Oct 14, 2016

One of the latest EU regulations came into force on the 3rd of July 2016. As many such regulations it is a quiet revolution attracting the attention of only people directly affected by it. For the rest, it is another convoluted text intended to strengthen the EU regulatory power and to prevent market distortions from market abuse (i.e. insider trading and market manipulation).

The questions, which most often came to mind, when the press releases hit are: What has changed and how does the EU regulatory framework on market abuse look like now?

What has changed with MAR entering into force?

MAR or Market Abuse Regulation is the updated version of MAD, the Market Abuse Directive (2003/6/EC). The purpose of MAR is to address some failures of MAD in serving as effective deterrent to market abuse. Some of these failures are tackled by MAR alone, while others together with the Directive on Criminal Sanctions for Market Abuse. What needs to be mentioned is MAR’s alignment with MiFID II, which enters into force in 2017. MAR is also complemented by the Directive on criminal sanctions for market abuse. Hence, we are having a revamp of the old legislative framework governing financial and commodity markets with a newer set of regulations, which are more up-to-date with the recent market and trading developments and which are stronger and more consistent across the Union on sanctions.

• Broader scope

The scope of the market abuse regime has been widened by including financial instruments traded on multilateral trading facilities (MTFs), other organized trading facilities (OTFs) and some over-the-counter activities (e.g. credit default swaps).

The regulation has been adapted to new technologies, by prohibiting certain high frequency trading (HFT) strategies.

Furthermore, MAR prohibits the manipulations of benchmarks because of the widespread use of the latter in pricing of financial instruments. The EU Commission identifies benchmarks as having a pronounced impact on market confidence and their manipulation is meant to have further reaching consequences. To put it simply, in addition to all platforms for all financial instruments, MAR covers benchmarks.

The regulation not only prohibits market abuse, but the attempt of market abuse as well.

• Stronger sanctions

Apart from widening the scope of the previous legislation i.e. MAD, MAR increases the sanctions for violations under it. The regulation expects that offenders will be fined according to the seriousness of their actions, while taking into consideration any mitigating or aggravating factors. Still, to ensure a greater harmonization across EU administrative sanctions, MAR has set the minimum fine of EUR 5 million for natural person and EUR 15 million or 15 % of the total annual turnover for legal persons for insider dealing and market manipulation. Still, sanctions have to be specified in the national laws of Member States by the relevant competent authorities.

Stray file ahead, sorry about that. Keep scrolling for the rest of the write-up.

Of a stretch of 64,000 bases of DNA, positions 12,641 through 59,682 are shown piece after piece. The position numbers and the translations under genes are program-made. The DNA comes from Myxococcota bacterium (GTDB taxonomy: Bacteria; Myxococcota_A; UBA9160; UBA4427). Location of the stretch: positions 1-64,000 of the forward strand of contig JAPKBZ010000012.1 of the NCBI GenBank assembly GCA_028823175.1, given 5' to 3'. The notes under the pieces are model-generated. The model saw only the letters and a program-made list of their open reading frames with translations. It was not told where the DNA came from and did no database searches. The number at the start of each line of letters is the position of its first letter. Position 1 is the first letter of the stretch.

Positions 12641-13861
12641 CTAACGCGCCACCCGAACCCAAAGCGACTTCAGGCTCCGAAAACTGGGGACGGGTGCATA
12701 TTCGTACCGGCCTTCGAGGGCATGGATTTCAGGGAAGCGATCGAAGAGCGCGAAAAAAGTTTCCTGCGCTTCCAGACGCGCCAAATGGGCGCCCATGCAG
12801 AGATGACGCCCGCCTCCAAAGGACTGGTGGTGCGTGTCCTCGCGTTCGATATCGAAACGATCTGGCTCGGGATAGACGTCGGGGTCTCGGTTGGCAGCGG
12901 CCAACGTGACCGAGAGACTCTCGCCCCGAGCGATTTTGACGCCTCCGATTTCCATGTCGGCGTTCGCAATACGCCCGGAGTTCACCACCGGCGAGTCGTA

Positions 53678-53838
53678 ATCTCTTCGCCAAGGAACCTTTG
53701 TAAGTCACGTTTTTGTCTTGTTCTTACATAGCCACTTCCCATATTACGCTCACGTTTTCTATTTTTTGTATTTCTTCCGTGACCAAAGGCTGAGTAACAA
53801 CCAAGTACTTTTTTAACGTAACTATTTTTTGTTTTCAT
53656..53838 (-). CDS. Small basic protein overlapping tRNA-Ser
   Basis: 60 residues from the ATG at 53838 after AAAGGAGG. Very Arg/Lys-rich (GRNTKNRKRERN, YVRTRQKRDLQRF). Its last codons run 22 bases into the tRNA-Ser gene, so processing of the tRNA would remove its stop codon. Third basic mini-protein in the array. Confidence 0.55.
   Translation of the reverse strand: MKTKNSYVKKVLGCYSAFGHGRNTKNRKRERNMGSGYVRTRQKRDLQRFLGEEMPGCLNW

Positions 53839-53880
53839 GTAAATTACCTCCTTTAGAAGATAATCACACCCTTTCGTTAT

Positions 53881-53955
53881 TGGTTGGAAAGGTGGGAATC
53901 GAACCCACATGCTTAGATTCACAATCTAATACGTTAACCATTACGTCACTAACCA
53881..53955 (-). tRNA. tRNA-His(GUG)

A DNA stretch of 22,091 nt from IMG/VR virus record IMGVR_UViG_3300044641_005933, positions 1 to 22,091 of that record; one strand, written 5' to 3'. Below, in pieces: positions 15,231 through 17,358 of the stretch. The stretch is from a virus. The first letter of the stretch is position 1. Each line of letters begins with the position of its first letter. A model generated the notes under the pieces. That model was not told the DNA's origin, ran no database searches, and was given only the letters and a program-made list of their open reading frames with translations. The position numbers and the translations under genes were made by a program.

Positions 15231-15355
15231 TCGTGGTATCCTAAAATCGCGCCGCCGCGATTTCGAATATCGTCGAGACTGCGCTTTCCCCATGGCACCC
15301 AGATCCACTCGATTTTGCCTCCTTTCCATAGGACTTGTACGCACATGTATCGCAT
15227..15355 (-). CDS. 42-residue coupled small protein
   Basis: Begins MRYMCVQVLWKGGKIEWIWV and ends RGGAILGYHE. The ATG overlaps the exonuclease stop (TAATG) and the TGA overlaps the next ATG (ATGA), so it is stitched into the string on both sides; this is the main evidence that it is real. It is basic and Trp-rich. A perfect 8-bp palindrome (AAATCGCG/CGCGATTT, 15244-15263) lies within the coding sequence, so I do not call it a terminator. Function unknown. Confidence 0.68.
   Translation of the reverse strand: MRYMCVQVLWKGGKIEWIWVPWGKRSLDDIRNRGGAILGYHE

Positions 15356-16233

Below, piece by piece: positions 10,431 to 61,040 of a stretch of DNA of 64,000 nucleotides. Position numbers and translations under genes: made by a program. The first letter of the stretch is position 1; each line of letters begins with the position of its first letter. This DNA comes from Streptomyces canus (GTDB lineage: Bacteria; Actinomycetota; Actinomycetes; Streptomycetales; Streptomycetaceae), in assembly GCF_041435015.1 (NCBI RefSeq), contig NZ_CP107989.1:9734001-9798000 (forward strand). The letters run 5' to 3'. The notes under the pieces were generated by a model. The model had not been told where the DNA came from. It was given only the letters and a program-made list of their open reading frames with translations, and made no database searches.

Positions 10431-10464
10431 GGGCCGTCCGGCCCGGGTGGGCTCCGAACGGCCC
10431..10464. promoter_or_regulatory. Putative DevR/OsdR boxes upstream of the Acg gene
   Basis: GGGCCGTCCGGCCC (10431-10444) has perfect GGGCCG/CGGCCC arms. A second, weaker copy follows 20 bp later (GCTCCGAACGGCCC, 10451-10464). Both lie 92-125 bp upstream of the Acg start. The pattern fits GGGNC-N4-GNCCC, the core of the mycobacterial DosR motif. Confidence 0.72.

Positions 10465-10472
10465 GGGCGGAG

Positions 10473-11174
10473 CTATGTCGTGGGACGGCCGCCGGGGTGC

How does the EU regulatory framework on market abuse look like after MAR?

MAR interacts with MiFID II and the Directive on criminal sanctions for market abuse.

MAR is based on some of the definitions (e.g. organized trading facilities (OTFs)) and regulations included in MiFID II, meaning that the latter need to be transposed into national laws for MAR to function effectively. MiFID II latest deadline for transposition is 3rd of July 2017.

The Directive on criminal sanctions for market abuse has been published in 2014 and requires transposition until beginning of July 2016. Becoming effective around the same time (at least for countries which have transposed the Directive) MAR and the Directive on criminal sanctions for market abuse are intended to work in parallel. While MAR is defining administrative sanctions, the Directive is introducing criminal sanctions. The Commission considers criminal sanctions necessary, for they express social disapproval on a whole new level, namely at least four years for market manipulation, insider dealing and any recommendations/inducement to engage in insider dealing. The Directive makes benchmarks manipulation a criminal offence as well.

On a final note, MAR is an attempt to build upon the observed results from MAD, close all loopholes left for market abuse and make sure there are deterrent sanctions in place for all Member States. There is still clearly a long way to go before the EU intended framework begins to function similarly across the Union, nevertheless there is some progress with MAD.

Written by Snezhina Mileva

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